Columbine said nothing for a moment; her gaiety seemed to be suddenly extinguished and quenched. Ansley was wondering uneasily at the constraint, when at length she broke the silence.
"Since you have ordered, let the command be obeyed!" She essayed a laugh, which appeared rather forced. "Yet, if they are lost and are taken by the Masquer--"
"In that case," said Fell, "let the blame be mine entirely. If they are lost, little Columbine, others will be lost with them, fear not! I think that this party would be a rich haul for the Masquer, eh? Take the rich man and his friends they could bear plucking, that crowd! Rogues all."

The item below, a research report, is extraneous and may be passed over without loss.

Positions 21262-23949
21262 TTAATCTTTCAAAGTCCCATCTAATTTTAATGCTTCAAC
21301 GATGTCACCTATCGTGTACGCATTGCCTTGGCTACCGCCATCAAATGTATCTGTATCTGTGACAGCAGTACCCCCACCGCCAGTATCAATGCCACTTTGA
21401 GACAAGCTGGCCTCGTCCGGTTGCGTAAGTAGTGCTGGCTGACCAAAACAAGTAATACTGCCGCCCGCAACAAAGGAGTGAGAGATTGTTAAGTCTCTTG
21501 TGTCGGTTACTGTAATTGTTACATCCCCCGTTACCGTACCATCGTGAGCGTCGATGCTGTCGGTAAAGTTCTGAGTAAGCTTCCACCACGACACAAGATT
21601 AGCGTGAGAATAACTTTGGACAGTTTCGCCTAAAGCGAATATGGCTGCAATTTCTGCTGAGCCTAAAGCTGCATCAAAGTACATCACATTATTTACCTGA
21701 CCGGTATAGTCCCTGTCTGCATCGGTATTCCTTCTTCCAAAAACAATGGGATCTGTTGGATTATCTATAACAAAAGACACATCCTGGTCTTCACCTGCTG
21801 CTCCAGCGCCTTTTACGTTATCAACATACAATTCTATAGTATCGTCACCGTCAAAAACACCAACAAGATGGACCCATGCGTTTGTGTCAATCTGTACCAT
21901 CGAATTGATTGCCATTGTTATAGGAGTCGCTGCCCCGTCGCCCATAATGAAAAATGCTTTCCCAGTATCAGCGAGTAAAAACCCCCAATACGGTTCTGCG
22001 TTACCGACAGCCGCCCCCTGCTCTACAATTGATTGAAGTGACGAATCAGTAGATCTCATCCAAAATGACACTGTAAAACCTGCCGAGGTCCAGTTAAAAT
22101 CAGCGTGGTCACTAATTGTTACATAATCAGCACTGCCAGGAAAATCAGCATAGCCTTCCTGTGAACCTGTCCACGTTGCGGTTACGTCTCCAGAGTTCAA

"Confound you, Fell!" exclaimed Ansley, uneasily. "If the bandit does show up there would be the very devil to pay!"
"And Maillard would do the paying." Fell's dry chuckle held a note of bitterness. "Let him. Who cares? Look at his house, there, blazing with lights. Who pays for those lights? The people his financial tentacles have closed their sucker-like gr
Masked balls, jewel thefts and murder during Prohibition-era Mardi Gras. What a colorful background. The story is good, but the look into 1920 New Orleans is better.